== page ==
Instead of making a ruling in front of a courtroom and on national television, former “Divorce Court” Judge Mablean Ephriam imparted her wisdom to hundreds of Anderson community members.
The Anderson chapter of the Indiana Black Expo held a corporate luncheon on Thursday at Hoosier Park, and Ephriam was the guest speaker.
Ephriam, who was on the television show from 1999 to 2006 and now travels as a motivational speaker, spoke to about 200 people, making them laugh, nod and respond in agreement, and murmur in thought.
“We have no control over our birth, but we have control over our lives,” she said.
“Young people have to have hope. Young people have to have dreams. Young people have to believe that they can become what they want to become.”
The former TV judge said that it is important to keep God and faith in our lives, and to make sure children grow up going to church.
“We need to return to our spiritual foundation,” she said, which drew applause. “We need to go back to the time when parents and families prayed together.”
Ephriam was the ninth of 10 children and grew up in a family that didn’t have a lot of money, but had a lot of home. When she was 13, she knew she wanted to be a lawyer, and she pursued that dream with the full support of her parents. She received a four-year academic scholarship for her undergraduate studies and then in 1978 earned her law degree from Whittier College.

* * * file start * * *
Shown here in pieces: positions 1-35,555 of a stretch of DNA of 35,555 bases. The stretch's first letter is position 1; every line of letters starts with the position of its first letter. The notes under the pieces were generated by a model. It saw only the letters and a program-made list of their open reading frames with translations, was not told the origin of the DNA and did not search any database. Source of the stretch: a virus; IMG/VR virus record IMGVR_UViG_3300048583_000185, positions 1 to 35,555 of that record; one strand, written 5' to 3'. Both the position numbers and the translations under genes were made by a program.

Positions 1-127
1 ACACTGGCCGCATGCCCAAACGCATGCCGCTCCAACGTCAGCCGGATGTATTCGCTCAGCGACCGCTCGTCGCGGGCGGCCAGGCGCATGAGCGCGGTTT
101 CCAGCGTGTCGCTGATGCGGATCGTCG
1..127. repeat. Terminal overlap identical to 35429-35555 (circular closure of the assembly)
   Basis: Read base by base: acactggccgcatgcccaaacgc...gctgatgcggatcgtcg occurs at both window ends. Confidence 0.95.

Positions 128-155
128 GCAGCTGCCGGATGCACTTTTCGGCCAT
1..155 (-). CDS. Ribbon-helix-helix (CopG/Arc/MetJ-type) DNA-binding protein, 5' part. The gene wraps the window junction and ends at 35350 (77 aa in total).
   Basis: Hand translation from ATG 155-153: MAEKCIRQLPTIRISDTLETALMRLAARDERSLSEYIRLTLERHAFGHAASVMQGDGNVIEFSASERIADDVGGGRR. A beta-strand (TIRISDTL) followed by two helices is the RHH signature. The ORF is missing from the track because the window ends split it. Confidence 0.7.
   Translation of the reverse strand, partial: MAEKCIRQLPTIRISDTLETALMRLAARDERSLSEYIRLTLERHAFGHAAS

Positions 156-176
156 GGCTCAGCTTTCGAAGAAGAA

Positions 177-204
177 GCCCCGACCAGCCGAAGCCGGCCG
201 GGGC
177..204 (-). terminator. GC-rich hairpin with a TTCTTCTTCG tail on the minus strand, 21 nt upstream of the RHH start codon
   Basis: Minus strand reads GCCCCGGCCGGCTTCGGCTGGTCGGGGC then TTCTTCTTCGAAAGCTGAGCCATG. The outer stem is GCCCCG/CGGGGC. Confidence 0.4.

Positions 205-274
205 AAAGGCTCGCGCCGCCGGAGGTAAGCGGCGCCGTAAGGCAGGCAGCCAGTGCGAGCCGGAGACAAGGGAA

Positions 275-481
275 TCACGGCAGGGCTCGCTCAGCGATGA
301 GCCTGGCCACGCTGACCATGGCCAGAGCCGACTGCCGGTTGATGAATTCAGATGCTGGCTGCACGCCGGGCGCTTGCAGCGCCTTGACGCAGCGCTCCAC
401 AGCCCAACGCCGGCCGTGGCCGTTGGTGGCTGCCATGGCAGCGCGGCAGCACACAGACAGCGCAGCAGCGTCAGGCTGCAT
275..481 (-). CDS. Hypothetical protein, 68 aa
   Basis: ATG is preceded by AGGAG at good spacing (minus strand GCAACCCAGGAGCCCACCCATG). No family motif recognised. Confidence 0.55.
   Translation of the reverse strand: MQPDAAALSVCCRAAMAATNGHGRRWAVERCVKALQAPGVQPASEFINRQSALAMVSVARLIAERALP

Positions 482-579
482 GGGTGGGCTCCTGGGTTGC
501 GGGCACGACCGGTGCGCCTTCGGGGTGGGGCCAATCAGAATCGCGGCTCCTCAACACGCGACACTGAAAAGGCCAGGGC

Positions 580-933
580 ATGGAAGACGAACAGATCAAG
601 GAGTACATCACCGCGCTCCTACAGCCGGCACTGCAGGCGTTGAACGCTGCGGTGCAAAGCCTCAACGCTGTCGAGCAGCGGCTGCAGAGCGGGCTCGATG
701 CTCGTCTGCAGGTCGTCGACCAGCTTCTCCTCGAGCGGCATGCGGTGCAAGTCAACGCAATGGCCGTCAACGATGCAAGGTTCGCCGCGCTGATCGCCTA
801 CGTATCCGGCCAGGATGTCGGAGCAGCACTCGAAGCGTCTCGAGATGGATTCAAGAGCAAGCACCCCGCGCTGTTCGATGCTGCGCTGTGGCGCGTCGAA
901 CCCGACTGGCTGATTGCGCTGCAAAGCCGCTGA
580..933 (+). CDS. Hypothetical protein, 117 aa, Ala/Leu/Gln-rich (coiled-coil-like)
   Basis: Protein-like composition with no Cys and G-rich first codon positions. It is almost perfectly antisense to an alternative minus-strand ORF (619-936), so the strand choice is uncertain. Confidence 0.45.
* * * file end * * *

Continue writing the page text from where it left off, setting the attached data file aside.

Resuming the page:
She called on parents, family members, friends, and even neighbors and community members have to take responsibility in raising local children – offering them support in good and bad times, encouraging them to stay in school and aim high, and help them succeed.
“Children need to know there is a better tomorrow,” she said. “When hope is lost suicide rates go up.”
The former judge said it was important for parents to lead by example, and that everyone should be courteous, polite, and kind.
After the event, people lined up to meet Ephriam and get their photo taken with her. Many also purchased her book, “Mablean’s Life Lessons: Tools for Weekly Living” and asked for autographs.
Ronald Winford, 79, Anderson bought Ephriam’s book, and got a personalized note in it from her.
“I’ve always watched the show (Divorce Court) and I’ve enjoyed it,” he said. “Watching it, you realize how little people know about law.”
Winford said Ephriam’s speech was very informative and well-delivered. Several of her pieces of advice resonated with him.
“You have to encourage hope at much as you can,” he said. “And you should love your neighbor.”
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